Hollywood remakes are always questionable, suffering from fan based originals-
reboots even more so. Some have been wildly successful, such as Daniel Craig’s James
Bond; others not so much when one thinks about Jackie Earl Haley in that attempted re-
doing of A Nightmare On Elm Street’s Freddy Krueger. Thus it wasn’t surprising that
some Spidey fans were understandably wary about a retread of one of Marvel’s most pop-
ular super heroes only five years after Tobey Maguire spun his last web in Spiderman 3.
Columbia Pictures, Marvel, along with director Marc Webb and his team of wri-
ters knew they had to do the Monty Python thing- “And now for something completely
different.” However, not so surprising thankfully, that webhead devotees would seriously
balk from something too radical. The basic storyline had to be the same, conveying an en-
tirely new perspective.
Retreating to an earlier time in his life(even before the Daily Bugle), Peter Parker’s
childhood is filled with the joy, parental love and affection any 4 year old boy would
cherish. Drastic changes occur when mom and dad (Embeth Davitz and Campbell Scott)
tell their son that they must go away for awhile. With no explanation, they leave Peter in
the care of his Uncle Ben (Martin Sheen) and Aunt May (Sally Field). Naturally he’s con-
fused about all this. Could this have something to do with what his father, Richard, was
erasing from the blackboard in his study one day?
As we fast forward to his teen years, Peter is still bewildered, searching for answers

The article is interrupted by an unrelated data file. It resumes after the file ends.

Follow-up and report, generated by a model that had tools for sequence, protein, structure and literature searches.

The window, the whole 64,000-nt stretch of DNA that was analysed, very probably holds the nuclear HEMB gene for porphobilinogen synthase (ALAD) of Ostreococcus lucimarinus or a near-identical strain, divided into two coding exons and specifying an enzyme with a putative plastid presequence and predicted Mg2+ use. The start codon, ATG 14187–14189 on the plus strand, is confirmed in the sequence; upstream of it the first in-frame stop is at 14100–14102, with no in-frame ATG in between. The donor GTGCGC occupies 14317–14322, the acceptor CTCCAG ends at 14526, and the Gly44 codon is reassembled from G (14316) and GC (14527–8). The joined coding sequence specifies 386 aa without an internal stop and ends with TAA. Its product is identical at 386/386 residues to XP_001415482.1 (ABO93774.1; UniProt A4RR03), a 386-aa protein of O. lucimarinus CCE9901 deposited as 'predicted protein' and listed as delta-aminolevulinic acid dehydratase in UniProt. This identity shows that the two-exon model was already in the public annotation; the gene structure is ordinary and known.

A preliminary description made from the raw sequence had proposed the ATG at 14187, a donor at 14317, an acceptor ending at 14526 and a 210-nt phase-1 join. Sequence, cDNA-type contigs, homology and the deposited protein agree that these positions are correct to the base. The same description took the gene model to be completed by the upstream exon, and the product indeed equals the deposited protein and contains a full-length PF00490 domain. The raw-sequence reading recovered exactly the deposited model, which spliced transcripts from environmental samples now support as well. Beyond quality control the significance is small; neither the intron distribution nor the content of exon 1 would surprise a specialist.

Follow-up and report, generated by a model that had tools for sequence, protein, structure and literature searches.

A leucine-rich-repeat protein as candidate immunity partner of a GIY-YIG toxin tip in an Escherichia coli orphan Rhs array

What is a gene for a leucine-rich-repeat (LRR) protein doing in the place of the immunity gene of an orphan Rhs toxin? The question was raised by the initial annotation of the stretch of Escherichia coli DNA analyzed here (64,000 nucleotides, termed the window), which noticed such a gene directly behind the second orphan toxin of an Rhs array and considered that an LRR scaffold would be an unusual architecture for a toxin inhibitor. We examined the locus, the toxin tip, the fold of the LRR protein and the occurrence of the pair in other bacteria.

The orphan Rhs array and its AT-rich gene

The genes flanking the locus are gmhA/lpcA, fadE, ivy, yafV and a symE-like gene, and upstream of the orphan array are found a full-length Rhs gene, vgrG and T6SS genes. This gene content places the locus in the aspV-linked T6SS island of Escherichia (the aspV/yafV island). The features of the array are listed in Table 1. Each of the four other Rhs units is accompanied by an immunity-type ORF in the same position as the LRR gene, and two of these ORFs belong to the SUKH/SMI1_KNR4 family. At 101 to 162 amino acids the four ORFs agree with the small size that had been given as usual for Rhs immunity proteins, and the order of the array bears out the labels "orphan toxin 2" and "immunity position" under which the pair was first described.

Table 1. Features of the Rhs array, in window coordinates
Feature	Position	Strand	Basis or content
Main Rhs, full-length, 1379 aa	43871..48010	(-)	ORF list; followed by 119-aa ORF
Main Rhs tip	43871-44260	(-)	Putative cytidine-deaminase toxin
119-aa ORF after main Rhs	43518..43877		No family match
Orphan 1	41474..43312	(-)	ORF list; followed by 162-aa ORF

and yet has apparently acquired a keen intelligence from his father. He’s your typical, qui-
et nerd, which leaves him open to all the bedlam high school can offer-and his first crush,
Gwen Stacy (Emma Stone).It‘s certainly not a cake walk for him. Notwithstanding, in all
this personal turmoil his curiosity leads him to his dad’s old briefcase and science partner
Dr. Curt Connors of Oscorp who may have the elusive truths Peter is trailing.
We all know what happens once Mr. Parker enters the towering Oscorp building.
Only this time he enters a room he shouldn’t go into, where a fateful, sharp bite from an
experimental arachnid changes his life forever.
Andrew Garfield (remember him from The Social Network?) takes up where Tobey
left off from a two-fold motivation that offers a more interesting depth to Peter Parker’s
character. Not only must he deal with missing parents and the untimely death of Uncle
Ben, he’s also in a fierce battle with Gwen’s father George, New York City’s Chief of Po-
lice as the “vigilante” Spiderman. Plus there’s the requisite bad guy. The Lizard.
You cant’ help but to sympathize with Rhys Ifans Curt Connors. After all, he’s only
trying to help mankind in finding a natural way to regrow human limbs, not transforming
himself into a giant reptile. His own missing right forearm (he calls himself a southpaw)
is the driving impulse. He’s less of a hardcore baddie, and more like a Dr. Jekyll and Mr.
Hyde due to the substance he injects himself with that he believes is the final answer to
natural limb replacement.
Armed with her inherent wide eyed charm and grace, Emma Stone beautifully infuses
Gwen Stacy’s reconciliation of being a police chief’s daughter, one of Connors’ trusted
assistants, and Peter’s new girlfriend. It’s a juggling act that gets a bit funny as well as
difficult as her relationship with Parker grows, especially after that fateful spider bite.
Learning a particular little secret about her new beau doesn’t exactly make her situation
For his first feature film, Marc Webb has achieved a quirky balance between dra-
ma, high-speed action and those ever present, amazing (no pun intended) special effects
that draw us into the spirit of the movie. Thankfully he does this without getting too
bogged down in one area and sacrificing one for something else.
The Amazing Spiderman was a calculated risk at all levels. The timing wasn’t ex-
actly right, ths choice of a British actor may have also turned some fans off , and the gen-
eral movie going public simply may not have been ready. Apparently, the risk was worth